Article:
Addiction leads to some pretty dark places. I have seen them first hand. For years my life was a never-ending cycle of unhappiness that bordered on unbearable. I was suicidal and close to death a number of times.
The first seed of recovery came to me through AA. For a while I was a revolving door of sobriety. I would stay clean for awhile and then return to drinking and using. Each time I went out it was as bad as ever. Still, I never fully committed to recovery. I continued to hold out hope that I could drink or use normally. By that I mean in a way that wouldn’t destroy me.
For a while I thought a geographical cure would fix everything. I left the continent to start over in a place where no one knew me and I could leave the baggage of my addiction behind. It didn’t work out that way though. Drinking soon consumed me and everything fell apart.
When I was finally ready, the help I needed was right here in Calgary. I called my AA sponsor the morning after my last drink. He was an Alumni of 1835 House and recommended the program here. I emailed the House, got the five days of recovery I needed, and came in for an interview.
I spent 108 days at the House and it fundamentally changed my life. It changed the way I think and the way I conduct myself. The friendships I made here were real and continue be a significant part of my recovery. Before I came to the House I didn’t really have good friendships. I feel overwhelming gratitude for these amazing gifts.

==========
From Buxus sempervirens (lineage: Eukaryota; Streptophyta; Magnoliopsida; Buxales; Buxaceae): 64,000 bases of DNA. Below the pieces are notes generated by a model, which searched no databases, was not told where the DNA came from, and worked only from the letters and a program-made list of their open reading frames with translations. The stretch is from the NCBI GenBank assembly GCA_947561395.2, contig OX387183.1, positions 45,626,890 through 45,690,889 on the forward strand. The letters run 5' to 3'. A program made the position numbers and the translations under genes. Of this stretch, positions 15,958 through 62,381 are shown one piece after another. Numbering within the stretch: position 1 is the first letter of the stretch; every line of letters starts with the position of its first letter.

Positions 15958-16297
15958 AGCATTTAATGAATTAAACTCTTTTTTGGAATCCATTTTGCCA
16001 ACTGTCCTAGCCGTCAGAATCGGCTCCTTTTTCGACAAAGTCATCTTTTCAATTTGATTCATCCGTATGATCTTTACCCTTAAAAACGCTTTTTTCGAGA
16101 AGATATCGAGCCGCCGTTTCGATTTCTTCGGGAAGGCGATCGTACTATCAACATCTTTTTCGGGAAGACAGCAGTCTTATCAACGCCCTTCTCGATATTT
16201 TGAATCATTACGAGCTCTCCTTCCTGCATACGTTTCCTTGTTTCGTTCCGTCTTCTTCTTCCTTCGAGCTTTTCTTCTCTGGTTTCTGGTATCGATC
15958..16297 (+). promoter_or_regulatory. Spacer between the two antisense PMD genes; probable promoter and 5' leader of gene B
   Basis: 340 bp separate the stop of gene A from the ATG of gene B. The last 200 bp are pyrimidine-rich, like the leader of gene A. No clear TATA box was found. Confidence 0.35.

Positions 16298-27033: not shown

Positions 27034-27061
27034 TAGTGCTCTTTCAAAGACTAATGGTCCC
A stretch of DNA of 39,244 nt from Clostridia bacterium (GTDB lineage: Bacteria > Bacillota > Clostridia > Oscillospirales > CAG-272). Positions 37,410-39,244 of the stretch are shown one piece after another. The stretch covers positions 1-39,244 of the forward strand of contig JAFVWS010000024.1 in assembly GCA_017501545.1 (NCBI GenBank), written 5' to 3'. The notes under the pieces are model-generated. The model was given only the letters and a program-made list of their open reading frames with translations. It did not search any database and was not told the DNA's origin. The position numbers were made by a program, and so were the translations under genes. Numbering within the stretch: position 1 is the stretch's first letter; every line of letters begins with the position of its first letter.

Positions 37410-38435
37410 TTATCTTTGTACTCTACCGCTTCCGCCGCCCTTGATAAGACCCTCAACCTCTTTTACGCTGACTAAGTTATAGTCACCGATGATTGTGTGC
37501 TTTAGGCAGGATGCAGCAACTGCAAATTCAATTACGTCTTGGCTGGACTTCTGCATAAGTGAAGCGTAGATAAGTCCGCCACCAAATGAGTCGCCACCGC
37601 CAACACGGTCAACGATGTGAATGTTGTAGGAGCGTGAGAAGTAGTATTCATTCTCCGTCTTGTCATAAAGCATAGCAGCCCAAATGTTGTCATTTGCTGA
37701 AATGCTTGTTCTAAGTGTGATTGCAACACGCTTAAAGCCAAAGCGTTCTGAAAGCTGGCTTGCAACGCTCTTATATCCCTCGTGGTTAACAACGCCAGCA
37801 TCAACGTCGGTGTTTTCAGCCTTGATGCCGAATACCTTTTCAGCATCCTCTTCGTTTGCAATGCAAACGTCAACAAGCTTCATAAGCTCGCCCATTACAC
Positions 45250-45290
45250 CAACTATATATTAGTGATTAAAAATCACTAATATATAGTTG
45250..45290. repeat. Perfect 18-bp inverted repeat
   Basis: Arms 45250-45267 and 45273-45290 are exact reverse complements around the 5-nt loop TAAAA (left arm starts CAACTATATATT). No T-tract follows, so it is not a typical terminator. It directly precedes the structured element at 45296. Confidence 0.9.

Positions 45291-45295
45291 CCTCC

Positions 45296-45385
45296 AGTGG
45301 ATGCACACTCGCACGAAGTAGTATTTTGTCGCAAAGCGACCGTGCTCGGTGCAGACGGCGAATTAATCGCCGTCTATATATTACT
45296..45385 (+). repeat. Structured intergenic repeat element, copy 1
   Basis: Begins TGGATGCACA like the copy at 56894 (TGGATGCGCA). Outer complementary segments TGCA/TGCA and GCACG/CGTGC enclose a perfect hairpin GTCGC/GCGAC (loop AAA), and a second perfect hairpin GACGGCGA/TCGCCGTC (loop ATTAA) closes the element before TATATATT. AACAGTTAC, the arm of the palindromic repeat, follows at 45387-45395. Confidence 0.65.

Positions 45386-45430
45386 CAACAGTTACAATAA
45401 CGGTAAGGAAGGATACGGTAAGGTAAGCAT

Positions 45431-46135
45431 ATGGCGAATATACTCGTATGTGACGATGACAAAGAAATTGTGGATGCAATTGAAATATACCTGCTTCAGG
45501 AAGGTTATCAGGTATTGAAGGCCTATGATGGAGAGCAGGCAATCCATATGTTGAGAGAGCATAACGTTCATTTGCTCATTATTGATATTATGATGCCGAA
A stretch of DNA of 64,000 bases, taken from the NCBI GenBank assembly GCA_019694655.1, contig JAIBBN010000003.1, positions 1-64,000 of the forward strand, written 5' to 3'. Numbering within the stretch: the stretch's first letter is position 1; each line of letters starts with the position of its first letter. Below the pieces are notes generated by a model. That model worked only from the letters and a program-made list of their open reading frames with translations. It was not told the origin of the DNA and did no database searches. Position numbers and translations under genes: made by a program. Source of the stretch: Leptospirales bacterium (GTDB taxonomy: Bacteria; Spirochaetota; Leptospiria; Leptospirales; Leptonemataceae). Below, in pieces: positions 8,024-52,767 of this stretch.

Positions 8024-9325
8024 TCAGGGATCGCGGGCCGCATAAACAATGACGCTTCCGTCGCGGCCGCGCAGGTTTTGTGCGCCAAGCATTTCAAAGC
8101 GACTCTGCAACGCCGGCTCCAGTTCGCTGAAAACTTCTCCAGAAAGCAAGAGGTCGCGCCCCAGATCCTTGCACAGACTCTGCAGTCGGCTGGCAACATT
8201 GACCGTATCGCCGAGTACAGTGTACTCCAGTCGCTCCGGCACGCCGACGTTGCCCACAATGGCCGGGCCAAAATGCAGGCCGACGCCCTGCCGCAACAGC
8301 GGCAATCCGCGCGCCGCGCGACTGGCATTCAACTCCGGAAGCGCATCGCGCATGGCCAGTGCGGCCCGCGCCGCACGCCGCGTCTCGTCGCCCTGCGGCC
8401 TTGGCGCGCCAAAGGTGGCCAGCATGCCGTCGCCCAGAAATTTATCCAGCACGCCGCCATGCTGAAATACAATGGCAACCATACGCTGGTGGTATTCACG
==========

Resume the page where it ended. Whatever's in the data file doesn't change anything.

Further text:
One of the many things that slipped away from me during my active addiction was the opportunity as a young person to discover a meaningful career that fits who I am at my best. I fell into a trade not because I loved it, but simply because I needed money and my drug dealers friend had a vacancy on his job site. I never felt it was my calling or that I was living up to my full potential.As my recovery evolved I moved into transitional housing and remained part of the 1835 community. I started working relief shifts at the House and volunteering at the Drop-In Center. I looked into school and started to make plans for a career change. Seeing how people at the House come back to life as they recover was my first glimpse at how gratifying it would be for me to work with people in recovery. I wanted to pass on the same gifts I had received to the new guys.
When the phone call from 1835 House came it actually took my breath away. I am so grateful for the opportunity to work here as a Counsellor. Some mornings I still wake up and can’t believe it. When I walked down the stairs into the House that first time, I never would have believed how much my life would change, or how good it can be.
1835 House Counsellor